A responsible gun owner! Well, it's about time. Time after time, you seen news items about people abusing their "right" to "stand their ground". These owners are not responsible. They take out their gun at the smallest of circumstances. They do not warn their victim, they just shoot. Many don't even have to confront their victim.
Zimmerman did not have to leave his car. In fact, he had been told not even to follow his victim.
The recent case of Renisha McBride near Detroit was even sadder. She was trying to get help for her broken car. She was just knocking on doors. Maybe she was getting a little desperate but there was no reason for Mr. Wafer to leave his house. He could've stayed inside and dialed 911. When he finally did police were there in less than two minutes. Even if he did open the door to confront her, he should not have just fired -- in the face!!
Every day I dread to see how many people have been shot carelessly since I last logged on to the internet. Now, I'll say right up front -- I don't like guns. Never have. However, I do accept that people should have guns. What I am more disturbed about is how people seem to act with those guns. Otherwise, law abiding, rational citizens don't seem to have any value of human life. Innocent people are shot by innocent people all because one of them has a gun.
Today, however, I was pleased to hear about the case of Crystal McKinney of Milwaukie, Oregon. Now, I don't know if Oregon has a Stand Your Ground law. But, yes or no, Ms. McKinney exemplifies a great example of what you should do when put in a situation. Ms. McKinney discovered an intruder in her apartment. She confronted him verbally at first, asking him to leave. When he advanced, she retreated to her bedroom where she had a gun.
Now, Mr. Zimmerman or Mr. Wafer might have just shot the man with no warning. Ms. McKinney aimed the gun and told him to leave again or she would fire, which he did.
There are two things about this case that impress me. One, it's a case of defending yourself in your home. All this business about being able to Stand Your Ground recklessly wherever you are is dangerous. And, two, she warned him. I don't know what would've happened had she had to shoot. But I'd like to think she wouldn't be shooting to kill.
I know many people bring up race when talking about Stand Your Ground. I realize it is a factor. Blacks are far too often the victims in these cases. However, I think there is a bigger lesson to be learned. In these cases, it is often the surviving person that gets to control the narrative. The victim is always further victimized by being characterized as threatening. It becomes "might is right". This is very disturbing. It must be stopped.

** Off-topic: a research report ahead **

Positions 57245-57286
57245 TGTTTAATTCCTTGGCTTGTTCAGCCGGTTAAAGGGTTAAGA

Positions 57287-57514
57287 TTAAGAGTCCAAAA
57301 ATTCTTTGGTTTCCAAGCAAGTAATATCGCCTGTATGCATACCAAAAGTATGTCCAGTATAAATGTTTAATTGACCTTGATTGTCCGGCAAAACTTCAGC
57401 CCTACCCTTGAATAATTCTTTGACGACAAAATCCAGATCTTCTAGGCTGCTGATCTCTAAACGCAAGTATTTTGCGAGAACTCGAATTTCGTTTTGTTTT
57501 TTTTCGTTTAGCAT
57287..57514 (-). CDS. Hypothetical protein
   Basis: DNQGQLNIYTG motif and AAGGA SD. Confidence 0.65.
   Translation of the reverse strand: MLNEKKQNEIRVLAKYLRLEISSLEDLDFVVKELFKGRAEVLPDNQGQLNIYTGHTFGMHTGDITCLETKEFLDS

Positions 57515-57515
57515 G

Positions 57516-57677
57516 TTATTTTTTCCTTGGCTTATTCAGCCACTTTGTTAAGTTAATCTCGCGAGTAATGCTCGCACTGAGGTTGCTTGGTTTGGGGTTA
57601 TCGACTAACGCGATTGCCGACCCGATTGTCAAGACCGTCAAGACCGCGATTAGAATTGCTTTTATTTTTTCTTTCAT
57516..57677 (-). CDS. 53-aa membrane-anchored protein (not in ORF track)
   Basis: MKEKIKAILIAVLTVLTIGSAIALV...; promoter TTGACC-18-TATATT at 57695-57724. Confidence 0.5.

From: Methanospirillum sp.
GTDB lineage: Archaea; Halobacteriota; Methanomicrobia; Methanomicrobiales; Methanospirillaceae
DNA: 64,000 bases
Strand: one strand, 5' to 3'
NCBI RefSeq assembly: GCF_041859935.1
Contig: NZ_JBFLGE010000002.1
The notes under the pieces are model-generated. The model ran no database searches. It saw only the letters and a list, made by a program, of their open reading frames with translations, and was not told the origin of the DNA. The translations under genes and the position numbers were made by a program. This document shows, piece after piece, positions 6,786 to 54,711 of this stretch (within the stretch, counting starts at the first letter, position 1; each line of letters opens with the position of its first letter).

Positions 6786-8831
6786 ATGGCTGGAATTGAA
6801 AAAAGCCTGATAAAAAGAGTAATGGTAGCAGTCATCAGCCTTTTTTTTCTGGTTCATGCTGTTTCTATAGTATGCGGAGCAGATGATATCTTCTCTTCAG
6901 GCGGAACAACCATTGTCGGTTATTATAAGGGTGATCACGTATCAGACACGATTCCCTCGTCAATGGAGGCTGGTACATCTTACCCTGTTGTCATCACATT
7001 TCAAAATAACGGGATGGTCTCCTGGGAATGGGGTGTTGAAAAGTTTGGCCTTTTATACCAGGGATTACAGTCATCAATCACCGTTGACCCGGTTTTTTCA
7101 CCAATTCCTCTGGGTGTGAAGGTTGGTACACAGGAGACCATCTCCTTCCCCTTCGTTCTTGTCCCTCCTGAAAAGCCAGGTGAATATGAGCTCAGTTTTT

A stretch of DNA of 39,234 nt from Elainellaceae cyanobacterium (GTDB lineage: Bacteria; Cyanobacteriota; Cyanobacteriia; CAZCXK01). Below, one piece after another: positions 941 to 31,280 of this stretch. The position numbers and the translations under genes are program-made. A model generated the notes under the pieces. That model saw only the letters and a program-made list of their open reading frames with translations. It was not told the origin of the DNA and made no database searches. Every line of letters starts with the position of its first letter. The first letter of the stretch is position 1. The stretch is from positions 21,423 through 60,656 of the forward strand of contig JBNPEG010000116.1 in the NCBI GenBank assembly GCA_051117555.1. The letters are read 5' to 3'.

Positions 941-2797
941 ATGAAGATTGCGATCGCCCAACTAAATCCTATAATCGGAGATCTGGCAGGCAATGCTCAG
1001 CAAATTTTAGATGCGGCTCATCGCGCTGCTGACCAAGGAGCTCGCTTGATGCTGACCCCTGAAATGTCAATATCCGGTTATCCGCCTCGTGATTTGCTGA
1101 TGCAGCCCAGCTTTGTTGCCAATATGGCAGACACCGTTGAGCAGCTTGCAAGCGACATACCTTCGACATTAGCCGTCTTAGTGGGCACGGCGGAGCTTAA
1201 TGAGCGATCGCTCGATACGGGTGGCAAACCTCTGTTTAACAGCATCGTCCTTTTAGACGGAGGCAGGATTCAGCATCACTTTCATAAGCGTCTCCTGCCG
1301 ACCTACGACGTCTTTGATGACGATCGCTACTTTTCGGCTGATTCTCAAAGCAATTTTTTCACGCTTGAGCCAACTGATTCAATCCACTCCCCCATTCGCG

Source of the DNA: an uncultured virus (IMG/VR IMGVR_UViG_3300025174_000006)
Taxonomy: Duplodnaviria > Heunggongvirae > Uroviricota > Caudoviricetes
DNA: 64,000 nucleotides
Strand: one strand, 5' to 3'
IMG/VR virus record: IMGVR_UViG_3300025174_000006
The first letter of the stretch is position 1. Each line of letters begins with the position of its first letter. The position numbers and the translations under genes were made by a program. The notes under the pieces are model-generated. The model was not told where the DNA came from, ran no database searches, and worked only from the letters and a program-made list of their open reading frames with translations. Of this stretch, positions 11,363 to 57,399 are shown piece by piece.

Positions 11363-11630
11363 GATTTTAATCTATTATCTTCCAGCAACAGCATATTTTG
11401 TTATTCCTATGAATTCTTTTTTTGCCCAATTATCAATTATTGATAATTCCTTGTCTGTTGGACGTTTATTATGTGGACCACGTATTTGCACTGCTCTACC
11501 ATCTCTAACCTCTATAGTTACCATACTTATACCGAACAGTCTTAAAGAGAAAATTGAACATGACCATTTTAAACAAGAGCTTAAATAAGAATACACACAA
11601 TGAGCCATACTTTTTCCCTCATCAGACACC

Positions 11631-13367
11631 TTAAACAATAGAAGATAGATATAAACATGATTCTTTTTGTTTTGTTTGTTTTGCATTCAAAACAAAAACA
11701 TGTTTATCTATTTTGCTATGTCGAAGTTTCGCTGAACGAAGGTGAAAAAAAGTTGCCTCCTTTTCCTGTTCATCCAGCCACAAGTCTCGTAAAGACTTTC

We cannot keep on going down this path just because gun owners (and the gun industry) seem to think they have an unalienable right to terrorize the rest of us. I don't think that's too strong a word. To terrorize (according to Merriam-Webster) is to create and maintain a state of extreme fear and distress (in someone). Well, that happens to every mother of an African-American child when he leaves to go to the store. That happens to me every time I see someone openly carrying a weapon in a restaurant or store.
Owning a gun should not be a right, it should be a privilege. When we see someone carrying a gun, we should have the security to know that they had to undergo a serious background check and investigation to acquire that gun. We should want to know that not just anyone can get a gun.
We should also be secure in knowing that not just anyone can buy just any gun. There should be limits. There should be some system of deciding if someone has an actual need for that gun. Does a grocery store manager from Cleveland who never leaves the city need an AR-15? Does anyone?
Finally, gun registry should be reviewed on a regular basis. It should be monitored federally, not state by state. People should be allowed to report gun owners for certain behaviors that are risky and gun ownership should be reviewed regularly.
I admit I'm no expert. But we have to take the emotion out of this. Now many may say I'm the emotional one. Maybe. I'll admit they frighten me. But gun owners need to realize that they're emotional too. Many have an unhealthy attachment to these things.
Thank God Ms. McKinney was thinking.